SA vs England – a Test Series preview

4 07 2012

Its the biggie. South Africa take on England in a titanic battle between the two premier Test sides of the moment. I’m not sure if its possible for a cricket fan not to be excited!

The SA team are currently in Switzerland at a “bonding camp” after which they’ll arrive in Somerset for their first of two warm-up games. I don’t see why the team couldn’t bond around some more warm up cricket matches rather than chocolate factories but I guess I’ll have to suck it up. Imran Tahir was allowed to play for SA A so as to get some cricket (and hopefully confidence) under the belt. Fair call given his lack of consistency at the best of times.


SA Test Squad:
Graeme Smith (c)
Alviro Petersen
Hashim Amla
Jacques Kallis
AB de Villiers (vc)
JP Duminy
Jacques Rudolph
Mark Boucher (wk)
Vernon Philander
Dale Steyn
Morne Morkel
Lonwabo Tsotsobe
Marchant de Lange
Imran Tahir
Robin Peterson

Squads courtesy of Cricinfo

Key Matchups:

Steyn vs Cook

The world’s best Test bowler against the toughest opening batsman-shaped nut in Test Cricket should make for a tantalising duel. Vernon Philander has been the form pacer for the Proteas in their past few series but expect the quality of Dale to shine through in this series.

Anderson vs Smith

Jimmy has been nigh on unstoppable on home territory and will see Smith’s weakness against the swinging ball as a way to get England off to a good start each innings. However, Graeme is one tough nut and loves leading from the front – expect him to try to impose himself early.

Swann vs the SA middle order

South African teams are known to struggle against spin and this outfit is no exception. Rangana Herath was the only bowler that managed to strike genuine fear into the hearts of the SA batting line up when SL toured SA. The outspoken Swann will be eager to have a crack at the SA spin-facing frailties.


All in all, its going to be one heck of a series. I’ll be providing updates here so tune in!

I leave you with two questions:

1) What is your prediction for the Test series result?

2) Which player do you back to be player of the series?


ODI Tri-Series Preview: SA vs Bangladesh vs Zimbabwe

7 06 2012

South African cricket fans have been dealt a cruel lesson in patience over the past few months. The much-awaited South Africa vs England series has seemed to loom for years, yet it is still over a month until the first warm-up match will be played. In the interim Protea fans will have to make do with a far less appetising triangular series involving the two minnows of Test cricket – Zimbabwe and Bangladesh (although many stronger Test nations have been trying their best to out-minnow them recently).
I mean no disrespect to the two nations when I say that they are highly unlikely to prove a massive challenge for the Proteas. My biggest worry as a Protea fan is that our team will struggle to adjust to “the next level” when we reach England after getting used to maintaining a “first-gear” approach in the triangular.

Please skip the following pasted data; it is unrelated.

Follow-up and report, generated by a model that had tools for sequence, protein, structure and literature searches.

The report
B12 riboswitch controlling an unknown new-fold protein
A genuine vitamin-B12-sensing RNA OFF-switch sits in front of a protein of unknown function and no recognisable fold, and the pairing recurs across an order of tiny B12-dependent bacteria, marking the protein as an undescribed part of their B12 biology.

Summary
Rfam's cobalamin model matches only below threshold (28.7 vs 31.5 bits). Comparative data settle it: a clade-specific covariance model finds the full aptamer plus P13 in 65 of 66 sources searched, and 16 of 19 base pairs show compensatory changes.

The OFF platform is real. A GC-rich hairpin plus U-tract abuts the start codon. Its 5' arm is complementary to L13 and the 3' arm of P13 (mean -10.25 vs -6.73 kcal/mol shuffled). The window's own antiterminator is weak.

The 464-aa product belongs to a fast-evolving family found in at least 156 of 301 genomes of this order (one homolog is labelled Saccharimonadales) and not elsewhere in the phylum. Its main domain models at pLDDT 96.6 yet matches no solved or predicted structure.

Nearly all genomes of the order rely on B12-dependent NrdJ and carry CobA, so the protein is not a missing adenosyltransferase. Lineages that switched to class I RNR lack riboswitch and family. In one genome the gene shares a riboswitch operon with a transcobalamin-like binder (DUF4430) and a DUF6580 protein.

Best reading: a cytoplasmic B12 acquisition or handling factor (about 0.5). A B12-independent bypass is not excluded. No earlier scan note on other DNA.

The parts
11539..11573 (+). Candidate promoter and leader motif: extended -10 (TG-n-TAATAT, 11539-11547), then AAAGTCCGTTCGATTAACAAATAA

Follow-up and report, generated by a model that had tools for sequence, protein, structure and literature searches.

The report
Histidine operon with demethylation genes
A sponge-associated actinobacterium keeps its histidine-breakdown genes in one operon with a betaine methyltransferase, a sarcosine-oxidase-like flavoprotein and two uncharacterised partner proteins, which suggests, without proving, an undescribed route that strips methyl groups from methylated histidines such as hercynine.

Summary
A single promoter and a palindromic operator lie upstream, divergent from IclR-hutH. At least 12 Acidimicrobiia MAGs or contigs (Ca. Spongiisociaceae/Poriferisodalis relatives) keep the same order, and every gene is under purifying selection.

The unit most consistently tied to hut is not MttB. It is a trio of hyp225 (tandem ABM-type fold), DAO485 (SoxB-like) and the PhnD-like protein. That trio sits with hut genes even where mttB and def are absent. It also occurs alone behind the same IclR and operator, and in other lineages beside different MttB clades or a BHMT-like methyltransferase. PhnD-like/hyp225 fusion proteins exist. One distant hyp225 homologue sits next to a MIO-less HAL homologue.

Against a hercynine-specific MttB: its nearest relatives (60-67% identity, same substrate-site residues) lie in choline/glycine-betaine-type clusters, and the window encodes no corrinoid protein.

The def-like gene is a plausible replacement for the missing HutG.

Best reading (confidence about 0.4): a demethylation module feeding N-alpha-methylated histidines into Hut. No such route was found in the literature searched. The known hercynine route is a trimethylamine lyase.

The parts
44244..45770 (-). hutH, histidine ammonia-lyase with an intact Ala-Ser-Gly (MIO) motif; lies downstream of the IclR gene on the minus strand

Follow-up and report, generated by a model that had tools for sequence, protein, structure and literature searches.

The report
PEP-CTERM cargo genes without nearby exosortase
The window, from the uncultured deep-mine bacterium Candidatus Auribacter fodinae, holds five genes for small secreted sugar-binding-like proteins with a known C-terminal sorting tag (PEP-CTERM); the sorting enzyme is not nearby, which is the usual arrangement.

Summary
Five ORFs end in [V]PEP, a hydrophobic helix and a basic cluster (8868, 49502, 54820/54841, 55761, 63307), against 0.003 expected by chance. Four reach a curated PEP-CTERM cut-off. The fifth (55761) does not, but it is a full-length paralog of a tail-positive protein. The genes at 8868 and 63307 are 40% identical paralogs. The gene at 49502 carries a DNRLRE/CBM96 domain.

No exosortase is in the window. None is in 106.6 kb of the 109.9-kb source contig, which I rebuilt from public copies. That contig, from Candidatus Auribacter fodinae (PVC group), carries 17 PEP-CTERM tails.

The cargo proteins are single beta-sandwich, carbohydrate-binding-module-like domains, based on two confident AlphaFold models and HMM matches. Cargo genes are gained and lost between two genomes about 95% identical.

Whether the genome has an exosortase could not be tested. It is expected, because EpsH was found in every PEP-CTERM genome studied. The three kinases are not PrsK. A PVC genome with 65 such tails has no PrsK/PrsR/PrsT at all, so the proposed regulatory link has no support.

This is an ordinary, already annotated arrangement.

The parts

On the flip-side, this series will help the development of Zimbabwe and Bangladesh’s national teams immensly. The experience they will receive is experience they desperately need in their attempts to develop into “genuine” Test outfits. Bangladesh, in particular, have heaps of high-quality youngsters in major need of some high-quality Test opposition so that they can develop as cricketers.
Players to watch:

South Africa: I sincerely hope to see Colin Ingram  be given another opportunity to show his mettle. The stylish left-hander is a limited-overs genius and needs gametime in the green and gold in order to gain the confidence on which he thrives in the SA domestic scene.

Bangladesh: Batsman, Bowler, Leader – Shakib Al Hasan does it all. One team has not relied on one player the way Bangladesh do since Brian Lara retired from international cricket, and the Bangladeshi outfit will be looking to him to be the rock around which they build an attempt to upset South Africa. He’ll be keen to dominate the Zimbabwe batsmen and bowlers, too.
Zimbabwe: Lanky pace bowler Shingurai Masakadzashowed great promise when Zimbabwe last toured South Africa and he’ll be looking to continue this good run this series. He has good pace and hits the deck hard – good traits for a pace bowler to have. He has the potential to eclipse the likes of Henry Olonga in this writers humble opinion, and this series would be a good place to start.

So near, but yet so far

22 01 2012

South African cricketer Graeme Smith.

A quality innings from this man{Image via Wikipedia}

Sri Lanka pulled off a great escape that even Houdini would have placed on his “impressive” list.* They nearly pulled off what would have been an ironic choke against the masters of the trade, South Africa.

From a South African point of view, it was great to see Graeme Smith take a step back to devastating form. A century was well needed from a sheer ‘runs under belt’ aspect, but the way in which he was middling the ball put hope into me like no other innings of his has of late.

AB was his awesome ODI self and although I don’t rate him highly as a Test batsman, I feel that he is quite possibly the best ODI batsman in the world. His captaincy has so far proven to be top notch, and I completely admit that I was wrong in suspecting him of being anything less. His decision to give Robbie P the white ball for the final over was inspired (although I don’t feel that Robbie should have been in the team in the first place).

The Sri-Lankans must have batted well although I admittedly didn’t catch much of it due to another engagement. I saw the end, though, and the near-choke made me excited – had SA taken their tag by the scruff of the neck and thrown it into a den of Sri-Lankan lions? The answer was no – our biceps couldn’t quite handle the throw. The fact that we did as well as we did at the end is a positive, though.

A New Leaf?

18 01 2012